Audi launches traffic light recognition system

10 Mar, 2014 3:00pm Jonathan Burn

Revolutionary new tech for Audi could make sitting at red lights a thing of the past

Audi has revealed a new traffic light recognition system that has the potential to allow drivers to drive through city streets without the interruption of hitting red lights. A fully developed Audi A6 prototype fitted with the technology was showcased at the Consumer Electronics Show (CES) in Las Vegas last year.

The system works by harnessing the in-car Internet via Audi connect, which then creates a link between it and the local traffic light network. The automated traffic light sequence of the area is processed and relayed back to the driver, showing the speed necessary to pass through an upcoming green light.

If the driver is already waiting at a red light, Audi connect will calculate and count down the time remaining until the next green light is scheduled to appear. The system is also linked up to the car’s Start-Stop function and restarts the engine five seconds before the green light appears.

As well as a providing a more relaxed drive, the technology could also help reduce emissions by up to 15 per cent, while helping save fuel in the process. Audi has calculated if the system was to be rolled-out across Germany, almost 900 million litres of fuel could be saved per year.

The fully functional system is production ready and could be fitted to every Audi model in the range subject to the necessary government legislation.

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As if Audis ever waited for red lights... ;)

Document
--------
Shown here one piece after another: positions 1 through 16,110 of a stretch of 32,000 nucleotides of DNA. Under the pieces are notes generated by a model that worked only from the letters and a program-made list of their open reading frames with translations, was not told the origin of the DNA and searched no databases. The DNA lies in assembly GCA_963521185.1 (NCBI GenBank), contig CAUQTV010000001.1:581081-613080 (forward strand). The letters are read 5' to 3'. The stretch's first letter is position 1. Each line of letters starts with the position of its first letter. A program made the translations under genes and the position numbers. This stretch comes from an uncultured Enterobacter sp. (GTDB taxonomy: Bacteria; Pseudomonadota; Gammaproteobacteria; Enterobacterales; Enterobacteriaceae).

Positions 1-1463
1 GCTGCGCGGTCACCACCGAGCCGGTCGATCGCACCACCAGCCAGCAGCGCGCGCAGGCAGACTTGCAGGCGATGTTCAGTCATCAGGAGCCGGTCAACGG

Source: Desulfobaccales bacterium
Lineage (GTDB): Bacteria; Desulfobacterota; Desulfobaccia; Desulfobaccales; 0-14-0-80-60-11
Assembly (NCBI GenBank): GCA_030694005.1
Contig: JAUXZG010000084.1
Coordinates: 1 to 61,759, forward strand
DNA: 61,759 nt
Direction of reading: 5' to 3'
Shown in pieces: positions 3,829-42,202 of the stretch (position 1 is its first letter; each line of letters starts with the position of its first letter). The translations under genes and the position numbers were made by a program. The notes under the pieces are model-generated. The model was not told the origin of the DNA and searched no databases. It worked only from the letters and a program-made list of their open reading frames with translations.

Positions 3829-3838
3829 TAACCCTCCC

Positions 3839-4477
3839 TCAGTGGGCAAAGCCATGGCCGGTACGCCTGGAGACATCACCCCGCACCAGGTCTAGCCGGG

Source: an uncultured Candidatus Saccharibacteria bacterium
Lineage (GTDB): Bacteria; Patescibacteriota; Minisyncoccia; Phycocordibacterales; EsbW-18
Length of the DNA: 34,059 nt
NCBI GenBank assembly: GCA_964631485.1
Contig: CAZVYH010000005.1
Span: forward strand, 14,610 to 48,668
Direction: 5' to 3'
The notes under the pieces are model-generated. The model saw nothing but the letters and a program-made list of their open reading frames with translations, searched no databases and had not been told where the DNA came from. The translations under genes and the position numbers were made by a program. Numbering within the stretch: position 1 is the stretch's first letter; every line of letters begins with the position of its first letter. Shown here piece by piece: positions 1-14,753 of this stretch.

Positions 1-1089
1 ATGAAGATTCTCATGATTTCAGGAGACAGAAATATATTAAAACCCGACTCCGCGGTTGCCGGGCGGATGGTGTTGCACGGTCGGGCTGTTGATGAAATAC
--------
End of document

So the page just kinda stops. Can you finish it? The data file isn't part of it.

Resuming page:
An answer to a question nobody asked.

This is already flawed because it can't predict when a pedestrian will activate a pelican crossing, meaning the light change sequence won't be automated. Some pelican crossings change the traffic lights the instant you press the button.

I want to know how the technology that keeps Audi's 3" from your rear end works.

This assumes that Audi connect knows what the traffic light sequence is supposed to be. What happens when the local authority starts altering that, as they have not exactly been unknown to do.

I suppose that in the light of the 'Internet of Things' revolution, if the information could be two way between traffic authorities and cars then that really could help congested cities. *IF* the destination and current position of every car was known then I suppose it would be feasible to manage the traffic more effectively. A bit big brother, maybe.

Combine with speed cameras for instant revenue generation (some lights around where I live are phased such that you cannot really get a run of greens while sticking to the limit).

Many local authorities alter the phase of traffic lights on different days and at different times of day, so I think this Audi would have to be very clever. I don't like to re-inforce the stereotype, but unfortunately, in my local area, a new Audi is the car of choice for many young gentlemen, and a relaxing drive is not what they're about. Racing between the lights, and carrying on through them if there's not much coming the other way is the norm, so I don't think they'd be ticking the box for this option.

In-car internet - great for tracking everybody's movements. No thanks.